The framework for the North Carolina Scorecard was developed
incrementally over a six-year period.
We began with the eight imperatives, or issue areas.
With much discussion and consultation, we created a
vision for each imperative, followed by specific goals
for each vision, then measures — quantitative
indicators — for judging whether the goals were
being reached, with targets for where North Carolina
should be on each measure at a given point on the calendar.
targets are set for the year 2020.
We imposed tough limits of the number of goals and measures,
to keep the total number to a manageable size. This
means we left out far more than we included, and sometimes
an omission was a painful one. Even 100 indicators cannot
draw a complete roadmap showing where North Carolina
is or is going, but we hope they do serve as critical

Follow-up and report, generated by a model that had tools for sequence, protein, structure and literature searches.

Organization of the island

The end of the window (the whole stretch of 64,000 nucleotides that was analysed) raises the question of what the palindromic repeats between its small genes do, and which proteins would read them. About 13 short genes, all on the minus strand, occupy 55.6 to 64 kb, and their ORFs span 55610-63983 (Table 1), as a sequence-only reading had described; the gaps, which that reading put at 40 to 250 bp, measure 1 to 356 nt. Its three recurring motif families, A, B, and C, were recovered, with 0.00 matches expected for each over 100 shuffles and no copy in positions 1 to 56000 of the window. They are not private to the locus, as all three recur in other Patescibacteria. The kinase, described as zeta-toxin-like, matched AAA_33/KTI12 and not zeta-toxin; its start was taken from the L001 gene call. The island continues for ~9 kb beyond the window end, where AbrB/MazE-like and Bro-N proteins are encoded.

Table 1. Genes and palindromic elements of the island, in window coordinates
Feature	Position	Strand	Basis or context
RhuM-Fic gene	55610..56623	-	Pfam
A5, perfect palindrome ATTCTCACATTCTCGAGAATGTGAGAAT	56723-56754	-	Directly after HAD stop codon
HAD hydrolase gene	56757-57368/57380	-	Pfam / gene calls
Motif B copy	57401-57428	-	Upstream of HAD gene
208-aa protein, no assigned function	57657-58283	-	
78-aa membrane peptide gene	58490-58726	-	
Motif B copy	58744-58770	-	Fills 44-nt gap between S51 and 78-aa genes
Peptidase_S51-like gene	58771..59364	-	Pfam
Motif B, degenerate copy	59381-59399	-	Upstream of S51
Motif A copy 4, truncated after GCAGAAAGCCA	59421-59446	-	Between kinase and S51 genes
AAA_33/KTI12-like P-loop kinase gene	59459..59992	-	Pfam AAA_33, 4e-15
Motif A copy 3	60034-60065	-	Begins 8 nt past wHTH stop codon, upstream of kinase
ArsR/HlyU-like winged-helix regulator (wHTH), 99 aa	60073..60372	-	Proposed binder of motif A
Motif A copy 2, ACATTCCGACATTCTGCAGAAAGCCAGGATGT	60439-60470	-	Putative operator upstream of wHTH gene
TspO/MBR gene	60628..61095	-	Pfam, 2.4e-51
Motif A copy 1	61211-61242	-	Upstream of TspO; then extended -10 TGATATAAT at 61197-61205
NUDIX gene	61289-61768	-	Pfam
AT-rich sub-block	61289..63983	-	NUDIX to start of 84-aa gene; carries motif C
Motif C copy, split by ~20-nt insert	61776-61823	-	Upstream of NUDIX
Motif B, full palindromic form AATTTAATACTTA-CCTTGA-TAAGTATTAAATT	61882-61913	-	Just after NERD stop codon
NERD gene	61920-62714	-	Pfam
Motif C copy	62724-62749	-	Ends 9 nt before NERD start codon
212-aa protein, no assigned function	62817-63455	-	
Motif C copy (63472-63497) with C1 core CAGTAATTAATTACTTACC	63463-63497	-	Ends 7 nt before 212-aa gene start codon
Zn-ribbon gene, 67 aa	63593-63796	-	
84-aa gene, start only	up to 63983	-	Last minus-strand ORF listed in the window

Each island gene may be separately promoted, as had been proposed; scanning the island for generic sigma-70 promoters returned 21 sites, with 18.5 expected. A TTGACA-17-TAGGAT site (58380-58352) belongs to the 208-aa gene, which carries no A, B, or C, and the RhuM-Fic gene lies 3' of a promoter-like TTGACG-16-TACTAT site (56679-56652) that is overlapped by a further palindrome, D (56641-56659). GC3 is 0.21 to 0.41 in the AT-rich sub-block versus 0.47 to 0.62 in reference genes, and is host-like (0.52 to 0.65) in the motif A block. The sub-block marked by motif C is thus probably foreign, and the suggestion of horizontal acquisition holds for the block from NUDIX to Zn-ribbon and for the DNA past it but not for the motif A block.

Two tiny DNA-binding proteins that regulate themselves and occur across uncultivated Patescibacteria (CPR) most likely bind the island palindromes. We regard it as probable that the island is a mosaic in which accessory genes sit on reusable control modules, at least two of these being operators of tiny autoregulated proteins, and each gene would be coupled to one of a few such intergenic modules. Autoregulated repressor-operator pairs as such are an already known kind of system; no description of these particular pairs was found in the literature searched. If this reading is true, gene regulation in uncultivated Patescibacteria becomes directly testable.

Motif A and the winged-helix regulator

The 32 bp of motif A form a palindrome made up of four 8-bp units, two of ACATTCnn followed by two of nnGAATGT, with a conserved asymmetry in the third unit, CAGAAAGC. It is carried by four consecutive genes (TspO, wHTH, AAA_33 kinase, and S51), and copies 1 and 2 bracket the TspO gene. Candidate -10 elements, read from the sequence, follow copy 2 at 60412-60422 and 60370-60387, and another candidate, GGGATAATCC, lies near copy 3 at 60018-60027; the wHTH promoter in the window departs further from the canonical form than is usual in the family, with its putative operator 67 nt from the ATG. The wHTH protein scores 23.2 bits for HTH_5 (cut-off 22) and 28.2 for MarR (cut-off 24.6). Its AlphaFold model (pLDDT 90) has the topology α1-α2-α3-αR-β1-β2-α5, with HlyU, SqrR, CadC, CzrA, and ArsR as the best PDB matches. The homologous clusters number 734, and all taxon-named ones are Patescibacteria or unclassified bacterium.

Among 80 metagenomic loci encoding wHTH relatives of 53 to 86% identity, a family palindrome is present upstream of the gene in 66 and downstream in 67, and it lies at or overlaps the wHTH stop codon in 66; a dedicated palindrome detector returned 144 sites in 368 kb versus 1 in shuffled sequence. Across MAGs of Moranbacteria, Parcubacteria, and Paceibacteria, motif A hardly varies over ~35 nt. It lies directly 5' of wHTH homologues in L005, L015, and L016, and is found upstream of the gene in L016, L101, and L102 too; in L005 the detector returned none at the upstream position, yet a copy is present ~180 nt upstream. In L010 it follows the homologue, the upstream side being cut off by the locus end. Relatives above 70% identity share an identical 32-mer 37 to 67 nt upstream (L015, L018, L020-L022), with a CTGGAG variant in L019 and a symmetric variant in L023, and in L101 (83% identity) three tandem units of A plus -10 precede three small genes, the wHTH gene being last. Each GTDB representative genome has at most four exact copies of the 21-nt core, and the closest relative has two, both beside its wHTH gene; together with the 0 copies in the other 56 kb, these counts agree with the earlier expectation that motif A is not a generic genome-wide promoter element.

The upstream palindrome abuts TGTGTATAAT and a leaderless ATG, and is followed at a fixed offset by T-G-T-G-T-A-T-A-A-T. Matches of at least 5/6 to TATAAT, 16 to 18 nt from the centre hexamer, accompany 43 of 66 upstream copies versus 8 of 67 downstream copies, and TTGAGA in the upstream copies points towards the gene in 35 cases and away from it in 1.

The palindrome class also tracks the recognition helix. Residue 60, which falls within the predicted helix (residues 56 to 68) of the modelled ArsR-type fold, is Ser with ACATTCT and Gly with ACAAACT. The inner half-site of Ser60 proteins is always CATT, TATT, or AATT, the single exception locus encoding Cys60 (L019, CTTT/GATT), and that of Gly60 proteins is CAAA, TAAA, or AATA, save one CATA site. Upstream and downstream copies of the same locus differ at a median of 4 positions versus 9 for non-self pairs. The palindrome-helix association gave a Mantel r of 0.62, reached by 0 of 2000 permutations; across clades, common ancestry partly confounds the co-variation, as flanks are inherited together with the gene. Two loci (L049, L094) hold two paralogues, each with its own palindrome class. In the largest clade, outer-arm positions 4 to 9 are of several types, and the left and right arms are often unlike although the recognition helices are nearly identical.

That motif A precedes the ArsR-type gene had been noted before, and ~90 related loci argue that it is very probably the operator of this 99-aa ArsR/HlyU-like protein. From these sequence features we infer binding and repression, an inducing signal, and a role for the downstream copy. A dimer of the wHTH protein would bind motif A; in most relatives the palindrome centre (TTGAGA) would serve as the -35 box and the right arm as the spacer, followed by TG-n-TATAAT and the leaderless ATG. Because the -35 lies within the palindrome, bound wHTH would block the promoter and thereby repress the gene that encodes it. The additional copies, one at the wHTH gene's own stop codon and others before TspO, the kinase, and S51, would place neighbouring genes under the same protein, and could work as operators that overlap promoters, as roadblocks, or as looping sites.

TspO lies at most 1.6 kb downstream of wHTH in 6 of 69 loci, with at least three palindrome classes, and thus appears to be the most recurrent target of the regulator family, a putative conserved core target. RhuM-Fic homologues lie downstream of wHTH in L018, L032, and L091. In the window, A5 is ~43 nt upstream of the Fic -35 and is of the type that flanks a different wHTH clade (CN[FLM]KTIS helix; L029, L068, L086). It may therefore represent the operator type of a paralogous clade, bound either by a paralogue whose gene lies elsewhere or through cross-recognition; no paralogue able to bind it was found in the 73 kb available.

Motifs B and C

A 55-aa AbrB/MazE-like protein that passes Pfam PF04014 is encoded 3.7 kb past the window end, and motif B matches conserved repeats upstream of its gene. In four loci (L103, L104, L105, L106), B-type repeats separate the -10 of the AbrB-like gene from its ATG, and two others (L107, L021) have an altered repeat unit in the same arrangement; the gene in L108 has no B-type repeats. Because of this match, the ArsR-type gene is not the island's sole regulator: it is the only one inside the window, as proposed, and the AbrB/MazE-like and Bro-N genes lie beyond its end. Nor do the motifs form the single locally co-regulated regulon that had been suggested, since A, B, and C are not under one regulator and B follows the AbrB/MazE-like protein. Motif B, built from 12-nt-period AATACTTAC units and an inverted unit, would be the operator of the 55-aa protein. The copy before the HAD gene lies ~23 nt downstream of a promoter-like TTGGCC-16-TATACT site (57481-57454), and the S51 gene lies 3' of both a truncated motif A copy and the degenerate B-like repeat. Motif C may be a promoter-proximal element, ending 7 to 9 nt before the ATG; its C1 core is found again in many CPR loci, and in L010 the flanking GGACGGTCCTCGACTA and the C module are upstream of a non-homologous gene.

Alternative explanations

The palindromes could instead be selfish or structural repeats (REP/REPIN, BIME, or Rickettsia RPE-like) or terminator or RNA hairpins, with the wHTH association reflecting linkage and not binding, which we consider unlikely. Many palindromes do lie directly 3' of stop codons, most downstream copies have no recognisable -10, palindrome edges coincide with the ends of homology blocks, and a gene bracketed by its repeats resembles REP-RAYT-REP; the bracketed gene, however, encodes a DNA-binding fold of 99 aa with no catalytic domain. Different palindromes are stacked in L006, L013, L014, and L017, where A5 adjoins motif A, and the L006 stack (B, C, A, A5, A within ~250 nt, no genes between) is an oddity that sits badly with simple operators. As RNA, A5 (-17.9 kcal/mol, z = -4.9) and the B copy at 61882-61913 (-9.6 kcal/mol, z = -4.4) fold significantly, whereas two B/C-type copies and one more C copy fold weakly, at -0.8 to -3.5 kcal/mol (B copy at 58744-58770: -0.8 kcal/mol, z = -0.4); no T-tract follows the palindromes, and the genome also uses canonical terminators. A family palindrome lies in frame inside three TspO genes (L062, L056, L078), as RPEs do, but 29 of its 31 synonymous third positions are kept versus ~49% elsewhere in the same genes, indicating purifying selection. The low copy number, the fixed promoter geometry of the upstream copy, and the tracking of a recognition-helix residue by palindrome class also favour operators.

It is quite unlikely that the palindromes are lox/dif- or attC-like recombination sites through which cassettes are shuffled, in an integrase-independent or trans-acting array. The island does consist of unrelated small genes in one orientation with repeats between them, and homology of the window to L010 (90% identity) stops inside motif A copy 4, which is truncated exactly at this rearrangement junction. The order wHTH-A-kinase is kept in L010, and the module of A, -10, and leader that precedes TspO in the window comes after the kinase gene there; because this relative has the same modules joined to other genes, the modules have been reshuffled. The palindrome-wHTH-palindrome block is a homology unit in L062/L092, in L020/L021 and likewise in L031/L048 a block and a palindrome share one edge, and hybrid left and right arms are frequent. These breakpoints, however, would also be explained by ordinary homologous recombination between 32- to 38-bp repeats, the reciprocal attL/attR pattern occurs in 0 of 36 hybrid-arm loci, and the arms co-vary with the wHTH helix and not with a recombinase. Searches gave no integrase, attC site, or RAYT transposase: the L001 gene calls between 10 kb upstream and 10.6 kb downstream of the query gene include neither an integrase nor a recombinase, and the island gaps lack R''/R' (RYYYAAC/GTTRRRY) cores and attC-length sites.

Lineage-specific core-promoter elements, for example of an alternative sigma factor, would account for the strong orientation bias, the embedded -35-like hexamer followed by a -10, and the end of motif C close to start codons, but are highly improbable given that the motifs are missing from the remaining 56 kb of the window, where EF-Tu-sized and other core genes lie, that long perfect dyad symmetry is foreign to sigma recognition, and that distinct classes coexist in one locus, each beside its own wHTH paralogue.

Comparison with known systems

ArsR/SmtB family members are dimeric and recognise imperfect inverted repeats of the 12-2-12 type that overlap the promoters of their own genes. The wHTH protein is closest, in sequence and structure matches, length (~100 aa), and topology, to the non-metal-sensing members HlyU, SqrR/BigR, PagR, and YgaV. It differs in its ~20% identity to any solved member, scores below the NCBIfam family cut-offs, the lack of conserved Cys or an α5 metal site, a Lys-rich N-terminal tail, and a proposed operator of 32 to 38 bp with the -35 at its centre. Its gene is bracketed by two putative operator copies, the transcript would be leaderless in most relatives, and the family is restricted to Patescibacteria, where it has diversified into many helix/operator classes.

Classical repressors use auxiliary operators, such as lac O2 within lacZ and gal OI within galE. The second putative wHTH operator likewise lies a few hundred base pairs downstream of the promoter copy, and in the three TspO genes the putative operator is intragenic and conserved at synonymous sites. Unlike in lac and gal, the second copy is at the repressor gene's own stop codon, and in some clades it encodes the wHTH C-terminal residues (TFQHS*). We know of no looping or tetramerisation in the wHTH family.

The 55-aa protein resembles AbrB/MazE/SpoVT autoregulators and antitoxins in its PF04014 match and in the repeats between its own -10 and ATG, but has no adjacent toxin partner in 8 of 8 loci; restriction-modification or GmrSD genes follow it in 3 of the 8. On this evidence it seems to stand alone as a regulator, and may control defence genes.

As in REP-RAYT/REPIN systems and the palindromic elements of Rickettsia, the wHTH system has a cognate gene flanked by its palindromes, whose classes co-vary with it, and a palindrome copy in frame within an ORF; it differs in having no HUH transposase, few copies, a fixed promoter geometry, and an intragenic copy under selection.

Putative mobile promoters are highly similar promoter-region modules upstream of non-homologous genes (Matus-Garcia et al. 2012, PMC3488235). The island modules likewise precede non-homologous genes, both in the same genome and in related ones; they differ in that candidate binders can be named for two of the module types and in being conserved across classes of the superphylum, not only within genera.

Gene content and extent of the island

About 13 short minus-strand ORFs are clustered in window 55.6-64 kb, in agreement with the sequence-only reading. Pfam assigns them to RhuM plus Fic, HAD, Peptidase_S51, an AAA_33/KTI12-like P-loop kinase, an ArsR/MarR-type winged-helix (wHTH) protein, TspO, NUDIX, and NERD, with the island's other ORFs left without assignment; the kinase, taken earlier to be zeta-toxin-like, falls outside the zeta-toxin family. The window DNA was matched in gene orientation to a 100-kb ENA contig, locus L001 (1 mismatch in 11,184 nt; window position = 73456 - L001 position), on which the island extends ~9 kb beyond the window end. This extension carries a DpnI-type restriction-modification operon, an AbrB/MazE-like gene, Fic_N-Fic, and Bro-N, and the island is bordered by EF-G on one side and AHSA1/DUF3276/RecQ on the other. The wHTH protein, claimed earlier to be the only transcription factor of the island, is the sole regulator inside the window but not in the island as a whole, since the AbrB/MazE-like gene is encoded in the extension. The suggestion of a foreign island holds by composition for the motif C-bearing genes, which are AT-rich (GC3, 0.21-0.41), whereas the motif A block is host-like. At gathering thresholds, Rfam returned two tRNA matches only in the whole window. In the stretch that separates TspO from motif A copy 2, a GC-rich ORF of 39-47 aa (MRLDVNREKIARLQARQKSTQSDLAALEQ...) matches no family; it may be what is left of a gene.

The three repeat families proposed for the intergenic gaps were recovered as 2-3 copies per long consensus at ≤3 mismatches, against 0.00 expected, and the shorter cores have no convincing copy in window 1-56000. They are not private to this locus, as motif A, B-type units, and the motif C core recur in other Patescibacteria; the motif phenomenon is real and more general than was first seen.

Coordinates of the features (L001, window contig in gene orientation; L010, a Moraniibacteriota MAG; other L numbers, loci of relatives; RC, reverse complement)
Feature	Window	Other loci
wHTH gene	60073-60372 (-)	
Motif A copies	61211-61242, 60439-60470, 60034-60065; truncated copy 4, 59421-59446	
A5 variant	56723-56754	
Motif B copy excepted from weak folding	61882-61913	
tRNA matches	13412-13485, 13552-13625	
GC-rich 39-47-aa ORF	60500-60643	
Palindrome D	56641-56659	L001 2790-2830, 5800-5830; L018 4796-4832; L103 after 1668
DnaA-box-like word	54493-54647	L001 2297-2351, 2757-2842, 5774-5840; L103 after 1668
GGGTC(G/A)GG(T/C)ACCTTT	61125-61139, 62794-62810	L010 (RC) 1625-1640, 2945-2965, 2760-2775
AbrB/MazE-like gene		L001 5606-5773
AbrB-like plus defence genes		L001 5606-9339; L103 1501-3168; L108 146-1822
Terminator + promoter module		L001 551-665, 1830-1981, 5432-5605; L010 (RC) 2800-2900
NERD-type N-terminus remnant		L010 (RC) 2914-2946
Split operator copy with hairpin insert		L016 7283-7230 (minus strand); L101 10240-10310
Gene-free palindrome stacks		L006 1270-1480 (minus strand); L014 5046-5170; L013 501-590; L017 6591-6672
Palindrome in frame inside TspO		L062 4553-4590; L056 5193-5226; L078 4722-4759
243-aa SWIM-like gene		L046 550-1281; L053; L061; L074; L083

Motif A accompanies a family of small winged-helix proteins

indicators of our progress.
As we implied, we did not develop this Scorecard on
our own. Through the years, it has involved thousands
of people: average citizens across the state, administrators
and policy makers, representatives of advocacy groups,
scholars, and public-policy specialists. They gave us
their ideas, telling us what they thought was important
and why. They critiqued our proposals and helped us
refine the end product.
Except there is no end product. The Scorecard is and
always will be a work in progress. We will need new
goals to meet new challenges. Targets will change as
we look further into the future and learn what truly
can be accomplished. And if we work hard enough and
consistently enough, one day we may be able to stamp
"Goal Accomplished" on one or more.
Over the years, we have released printed versions of
the Scorecard as the goals, measures, and targets were
selected and updated. With this online version, we will
be able to update our progress continuously, as new
data are released. We hope you will refer to it frequently.